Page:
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English Reformation c.1530-1660. How to Interpret English Reformation. Major Historical Questions Reformation(s)—fast or slow? Force of change—from above or below?. Pre-Reformation English Church. Isolated from Rome Sacramental society with emphasis on penance and Eucharist

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how to interpret english reformation
How to Interpret English Reformation
  • Major Historical Questions
  • Reformation(s)—fast or slow?
  • Force of change—from above or below?
pre reformation english church
Pre-Reformation English Church

Isolated from Rome

Sacramental society with emphasis on penance and Eucharist

Call for reform of personnel and institutions (not theology)

Heresy put down

PEOPLE GENERALLY CONTENT WITH RELIGIOUS PRACTICE

beginning of change henry viii r 1509 1547
Beginning of Change: Henry VIII (r.1509-1547)

Defender of the Faith

Protestant ideas

Break with Rome (1533)

Succession crisis

Help from reformers

Unification Church of Crown

Act of Supremacy = monarch is supreme head of English Church

Crown controls church administration and defines doctrine

HINT: This is significant 

changes to religious beliefs and practice
Changes to religious beliefs and practice?
  • Pope = foreign power & Catholicism threat
  • Dissolution of monasteries
  • Vernacular Bible
  • Doctrinal conservatism:
  • Clerical celibacy
  • Transubstantiation
reformation enacted edward vi r 1547 53
Reformation Enacted: Edward VI (r.1547-53)

Continued succession crisis because of youth and poor health

Surrounded by influential Protestants

John Knox

Thomas Cranmer, AB of Canterbury

Martin Bucer & Peter Martyr Vermigli

Reformation arrives in local parishes and laypersons start to experience changes

HINT: This is significant 

changes of doctrine and practice
Changes of Doctrine and Practice

BOOK OF COMMON PRAYER (BCP)

1549—bridged gap between Catholic practice and Protestant theology

1552—more Protestant

DOCTRINE:

Justification by faith

Supremacy of Scripture

Two sacraments

Denies transubstantiation

Denounce radical Anabaptism

PRACTICE:

Role of priests modified

Vernacular services

Images and alters removed

tradition restored mary i 1553 1558
Tradition Restored: Mary I (1553-1558)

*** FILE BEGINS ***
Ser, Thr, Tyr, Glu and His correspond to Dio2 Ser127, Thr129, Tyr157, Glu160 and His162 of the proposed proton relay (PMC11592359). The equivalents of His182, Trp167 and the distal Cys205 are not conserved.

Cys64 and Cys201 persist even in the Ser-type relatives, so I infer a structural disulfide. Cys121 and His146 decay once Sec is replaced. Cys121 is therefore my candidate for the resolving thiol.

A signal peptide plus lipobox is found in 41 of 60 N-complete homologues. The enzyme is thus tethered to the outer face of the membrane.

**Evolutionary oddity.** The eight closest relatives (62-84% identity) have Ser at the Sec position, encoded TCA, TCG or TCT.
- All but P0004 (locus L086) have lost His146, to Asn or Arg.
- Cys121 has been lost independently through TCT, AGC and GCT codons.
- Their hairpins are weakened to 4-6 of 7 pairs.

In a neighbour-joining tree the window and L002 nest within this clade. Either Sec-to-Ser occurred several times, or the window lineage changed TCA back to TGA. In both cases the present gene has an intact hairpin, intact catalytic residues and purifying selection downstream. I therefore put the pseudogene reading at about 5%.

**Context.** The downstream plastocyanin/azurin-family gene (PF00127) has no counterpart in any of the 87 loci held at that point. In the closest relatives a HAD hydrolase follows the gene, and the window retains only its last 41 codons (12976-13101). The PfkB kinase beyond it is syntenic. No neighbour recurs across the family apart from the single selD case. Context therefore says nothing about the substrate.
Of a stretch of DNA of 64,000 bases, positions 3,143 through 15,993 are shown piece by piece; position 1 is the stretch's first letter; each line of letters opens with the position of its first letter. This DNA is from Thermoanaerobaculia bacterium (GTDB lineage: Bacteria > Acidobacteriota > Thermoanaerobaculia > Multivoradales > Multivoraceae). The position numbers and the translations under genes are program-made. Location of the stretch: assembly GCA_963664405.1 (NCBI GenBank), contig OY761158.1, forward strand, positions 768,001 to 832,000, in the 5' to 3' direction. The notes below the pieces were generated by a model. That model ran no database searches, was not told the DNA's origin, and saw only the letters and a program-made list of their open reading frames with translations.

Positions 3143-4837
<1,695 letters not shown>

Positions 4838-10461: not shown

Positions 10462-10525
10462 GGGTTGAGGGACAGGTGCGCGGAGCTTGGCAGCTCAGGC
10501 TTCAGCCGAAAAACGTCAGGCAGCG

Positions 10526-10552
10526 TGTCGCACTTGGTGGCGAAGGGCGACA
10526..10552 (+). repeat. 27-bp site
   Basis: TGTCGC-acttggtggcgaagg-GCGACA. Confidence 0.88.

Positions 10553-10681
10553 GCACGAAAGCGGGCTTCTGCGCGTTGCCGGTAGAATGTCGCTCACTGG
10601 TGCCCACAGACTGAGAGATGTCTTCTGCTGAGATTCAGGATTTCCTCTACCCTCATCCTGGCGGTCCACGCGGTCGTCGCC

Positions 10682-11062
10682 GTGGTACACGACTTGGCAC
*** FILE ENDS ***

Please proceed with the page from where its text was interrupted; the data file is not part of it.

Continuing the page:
Catholicism restored

Why did ruling elite want her?

Marian Exiles

Persecution—”Bloody Mary”

Changes:

Papal sovereignty

Retraining priests

Church property?

What is significance?

moderation elizabeth 1558 1603
Moderation: Elizabeth (1558-1603)

Big Question: What did it mean to be Christian and English?

Repeals Mary’s legislation

Excommunication 1570

Marian exiles return and demand changes—Calvinists in Geneva stripped worship and replaced episcopacy with presbyters/elders

elizabethan settlement

Elizabethan Settlement

Moderation--Recognizes two religious confession exists in realm

Conformity--Act of Supremacy & Act of Uniformity

Controversial traditions

Clerical vestments

Kneeling at Communion

Making sign at baptism

Bowing at name of Jesus

Wedding ring in marriage ceremony

Ringing church bells

catholics and puritans
Catholics and Puritans

Catholics

  • Modification of ritual
  • Jesuit Missionaries

Puritans

  • Presbyterianism = synod run by clergy & laymen
  • Main Conflicts
  • Emphasized preaching—prophesyings
  • Extremely anti-Catholic
  • Disapproved ‘superstitious’ rituals
  • Placed predestination at center of theology
  • Sabbatarianism = Strict observance of Lord’s Day (Sunday)
cracks appear james i 1603 25
Cracks Appear: James I (1603-25)

Clear legitimate heir—but Scot

Only unites Crowns—so three confessions

Millenary Petition (1603) & Hampton Court Conference (1604)

Dissatisfaction with strict predestination

Arminianism: Christ died for all—free will to resist/accept God’s grace

Gunpowder Plot (1605)—rampant paranoia

Book of Sports (1618)

return of catholicism charles i 1625 42
Return of Catholicism?: Charles I (1625-42)

Unpopular Politics and Religion

Absolutist ruler

King = God’s representative and people should follow commands unless they directly contradict Scripture

French Catholic wife

Catholicism ‘permissible’

Book of Sports (1630s)

archbishop laud ab of canterbury
Archbishop Laud, AB of Canterbury

Laudian Reforms = Return to true church?

Arminian theology

Beauty of Holiness

Uniformity of practice

Dismissed noncorformists

Suppressed Puritan lectureships

Prevent gentry from appointing private chaplains

CI’s ‘tyranny’ + Laudian reforms = gentry and Puritans unite because body of xns hold power as representative body

christian freedom civil war commonwealth 1642 59
Christian Freedom?: Civil War & Commonwealth (1642-59)

Anything Goes (Toleration):

Presbyterians = national church controlled by gentry & synods

Independents (including Baptists) = gather voluntarily in autonomous congregations

Quakers

Handful 1653 & 40,000 by 1660

Reject established church

Knowledge from divine inspiration

Anyone can preach

help restoration of charles ii 1660

HELP!!!!: Restoration of Charles II (1660)

Too much freedom of religion

1662 Act of Uniformity

No toleration for nonconformists

Catholics still despised